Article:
Thursday, June 28, 2007

Commentary on Partisan Elections

Response to Commentary by Chris Pelly on Partisan Elections:

It’s my party
Partisan elections promote full disclosure
Chris Pelly
Mountain Xpress

POINT 1. Mr. Pelly states, “In the last six election cycles—all of them nonpartisan elections—not a single third-party candidate was elected to City Council. How could switching to partisan elections make things any worse?”

Who could not answer this question?!

How could switching to partisan elections make things any worse? By making things worse!

With nonpartisan elections, the unaffiliated can freely compete alongside anyone else in the political marketplace. In this open participation in the political process, it matters not that there may be poor support for a third party. What does matter is that the door remain open to anyone who chooses public service. Changing the charter to partisan elections makes things worse by slamming the door on the 27% of unaffiliated in Asheville.

So the question really should be: How do partisan elections in Asheville make things substantially better?

In his ham-fisted attempt to address this question, Mr. Pelly argues in favor of transparency regarding affiliation. But there has been nothing opaque about city elections in the last 13 years. On the contrary, visibility of party affiliation is the one perennial constant in local political races.

Mr. Pelly also introduces circular logic in his main argument in favor of partisan elections. He maintains that the unaffiliated should be marginalized and excluded because they are not popular. But are they unpopular precisely because they are systematically excluded? Chicken - Egg; Egg - Chicken.

POINT 2. Mr. Pelly states, “we do have a self-correcting process: It’s called elections.”

No, Mr. Pelly. We have, in fact, THREE legal and valid democratic methods of so-called "self-correcting": 1) ELECTIONS; 2) REFERENDUM; and, 3) RECALL.

All three of these methods are available to the public for their redress of various grievances; not just the one that Mr. Pelly would draw our attention to. The “Let Asheville Vote” coalition has chosen the second of the two methods: The Referendum. That is our right and the one we will pursue with vigor. Failing that, the other two options -- Elections and Recall -- are certainly still available and can be entertained when appropriate.

POINT 3. Rather than the burden falling on his readers to justify why the charter should NOT be changed to partisan elections, the burden here is entirely on Mr. Pelly to justify why the charter SHOULD be changed. And he most certainly has not done that in these pages.

Friday, June 01, 2007

LTE: Living Wage Folly

Dear Mountain Xpress Editor,

City council wants to include employee wage levels as a factor in negotiating with contractors who bid on municipal contracts. The city would effectively deny bids if contractors were found paying their employees anything below what the Asheville-Buncombe Living Wage Campaign has determined to be a "living wage."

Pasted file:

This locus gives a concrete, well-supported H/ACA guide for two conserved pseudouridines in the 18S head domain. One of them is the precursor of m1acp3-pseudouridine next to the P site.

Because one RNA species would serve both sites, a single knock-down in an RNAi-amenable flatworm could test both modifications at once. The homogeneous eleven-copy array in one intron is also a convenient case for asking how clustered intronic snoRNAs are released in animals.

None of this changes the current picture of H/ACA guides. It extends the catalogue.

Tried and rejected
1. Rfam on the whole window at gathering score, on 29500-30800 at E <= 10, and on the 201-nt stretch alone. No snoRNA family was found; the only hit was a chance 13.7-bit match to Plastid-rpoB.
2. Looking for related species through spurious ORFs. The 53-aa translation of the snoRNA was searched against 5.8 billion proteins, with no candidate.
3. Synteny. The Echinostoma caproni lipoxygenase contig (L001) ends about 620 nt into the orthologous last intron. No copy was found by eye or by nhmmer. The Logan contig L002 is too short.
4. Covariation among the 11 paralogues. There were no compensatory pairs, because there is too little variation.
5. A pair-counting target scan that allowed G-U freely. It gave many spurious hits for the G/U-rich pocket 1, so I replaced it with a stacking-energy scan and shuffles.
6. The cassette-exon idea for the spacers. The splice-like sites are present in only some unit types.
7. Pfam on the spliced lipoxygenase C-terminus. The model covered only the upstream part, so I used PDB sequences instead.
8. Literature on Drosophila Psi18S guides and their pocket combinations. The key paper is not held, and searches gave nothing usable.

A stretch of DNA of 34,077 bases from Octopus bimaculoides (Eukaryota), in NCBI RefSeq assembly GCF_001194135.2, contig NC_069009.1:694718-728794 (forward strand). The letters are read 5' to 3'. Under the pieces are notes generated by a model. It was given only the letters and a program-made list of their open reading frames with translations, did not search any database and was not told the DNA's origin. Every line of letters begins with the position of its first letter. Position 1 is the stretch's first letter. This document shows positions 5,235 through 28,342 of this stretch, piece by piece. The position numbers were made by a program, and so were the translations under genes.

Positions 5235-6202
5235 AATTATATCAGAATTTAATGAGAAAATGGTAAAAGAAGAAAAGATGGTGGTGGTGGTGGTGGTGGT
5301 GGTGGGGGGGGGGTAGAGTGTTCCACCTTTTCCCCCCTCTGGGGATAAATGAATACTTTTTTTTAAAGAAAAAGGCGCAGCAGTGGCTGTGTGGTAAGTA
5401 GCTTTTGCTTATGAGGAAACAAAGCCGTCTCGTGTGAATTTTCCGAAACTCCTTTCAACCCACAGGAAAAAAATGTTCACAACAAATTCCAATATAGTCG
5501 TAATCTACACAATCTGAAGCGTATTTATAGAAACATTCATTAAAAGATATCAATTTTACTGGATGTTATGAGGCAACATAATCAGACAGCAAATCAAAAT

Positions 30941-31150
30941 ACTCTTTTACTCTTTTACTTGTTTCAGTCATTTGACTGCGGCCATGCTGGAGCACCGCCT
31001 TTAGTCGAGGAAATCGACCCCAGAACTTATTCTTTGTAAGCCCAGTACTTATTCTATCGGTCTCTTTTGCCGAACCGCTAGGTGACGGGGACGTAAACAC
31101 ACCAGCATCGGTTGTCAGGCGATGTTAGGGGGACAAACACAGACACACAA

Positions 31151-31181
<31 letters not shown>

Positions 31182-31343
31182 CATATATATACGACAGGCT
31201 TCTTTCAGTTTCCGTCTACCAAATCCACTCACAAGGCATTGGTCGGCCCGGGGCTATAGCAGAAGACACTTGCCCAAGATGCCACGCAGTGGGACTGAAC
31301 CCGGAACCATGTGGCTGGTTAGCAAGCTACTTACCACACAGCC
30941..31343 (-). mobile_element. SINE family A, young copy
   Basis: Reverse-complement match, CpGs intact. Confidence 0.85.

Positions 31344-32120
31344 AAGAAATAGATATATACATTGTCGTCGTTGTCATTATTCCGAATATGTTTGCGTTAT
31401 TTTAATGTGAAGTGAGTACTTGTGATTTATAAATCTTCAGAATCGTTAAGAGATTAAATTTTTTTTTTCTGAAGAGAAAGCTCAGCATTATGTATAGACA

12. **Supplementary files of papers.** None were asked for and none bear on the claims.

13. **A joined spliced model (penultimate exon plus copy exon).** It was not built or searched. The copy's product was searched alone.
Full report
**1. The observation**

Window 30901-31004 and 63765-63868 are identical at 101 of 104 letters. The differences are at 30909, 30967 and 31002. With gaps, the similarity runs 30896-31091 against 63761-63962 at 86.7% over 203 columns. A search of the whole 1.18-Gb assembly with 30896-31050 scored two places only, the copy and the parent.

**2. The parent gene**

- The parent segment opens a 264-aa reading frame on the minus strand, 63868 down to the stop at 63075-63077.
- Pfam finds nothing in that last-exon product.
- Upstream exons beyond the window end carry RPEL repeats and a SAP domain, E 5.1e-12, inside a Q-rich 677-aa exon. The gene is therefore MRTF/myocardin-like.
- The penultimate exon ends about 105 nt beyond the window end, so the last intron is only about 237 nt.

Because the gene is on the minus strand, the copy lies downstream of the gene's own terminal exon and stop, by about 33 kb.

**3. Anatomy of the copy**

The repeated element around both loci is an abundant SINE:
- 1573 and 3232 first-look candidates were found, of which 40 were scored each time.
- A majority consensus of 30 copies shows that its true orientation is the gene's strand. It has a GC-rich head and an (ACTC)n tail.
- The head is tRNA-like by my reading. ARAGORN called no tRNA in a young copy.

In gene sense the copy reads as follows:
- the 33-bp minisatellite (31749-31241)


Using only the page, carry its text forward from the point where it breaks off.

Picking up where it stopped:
Living wage proponents set that minimum wage level for Asheville at about $9.50 (with benefits) to $10.86 (without benefits). This is based on a formula that assumes, 1) monthly rent costs should not exceed one-third of a person's income, and, 2) that the fair market value for a one-bedroom apartment in the Asheville Metropolitan Statistical Area (which includes portions of Buncombe, Haywood, Henderson and Madison counties) is $534 a month.

In other words, a person's wage should be set at a level that enables that person to comfortably afford a typical apartment in Asheville; among other things that a person might claim to need. That is, employers, under this scheme, should first calculate what their employees need and then adjust their payroll budgets accordingly. But wages should be based on the value of a person's labor to his employer and not based on that person's need to buy stuff. Employees should be paid what they're worth and should have no moral claim on an employer’s presumed duty to make their lives comfortable.

Also, a Chamber of Commerce survey of organizations that contract with the city has revealed that some companies will simply not bid on municipal contracts if the living wage ordinance is passed. This ordinance did pass. And we will have to wonder where those non-living wage employees will be working this summer. Perhaps they could apply for a job with the city, which, happily, already pays living wages to its employees out of the city's taxpayer-funded coffers.

And here is the final absurdity: With the so-called "living wage" initiative, the government is actually putting into practice precisely what has only been alleged of the oil industry; namely, colluding to artificially raise the price of a commodity above market levels; in this case, the price of labor. The government should not be in the business of setting prices for labor -- or for anything else for that matter.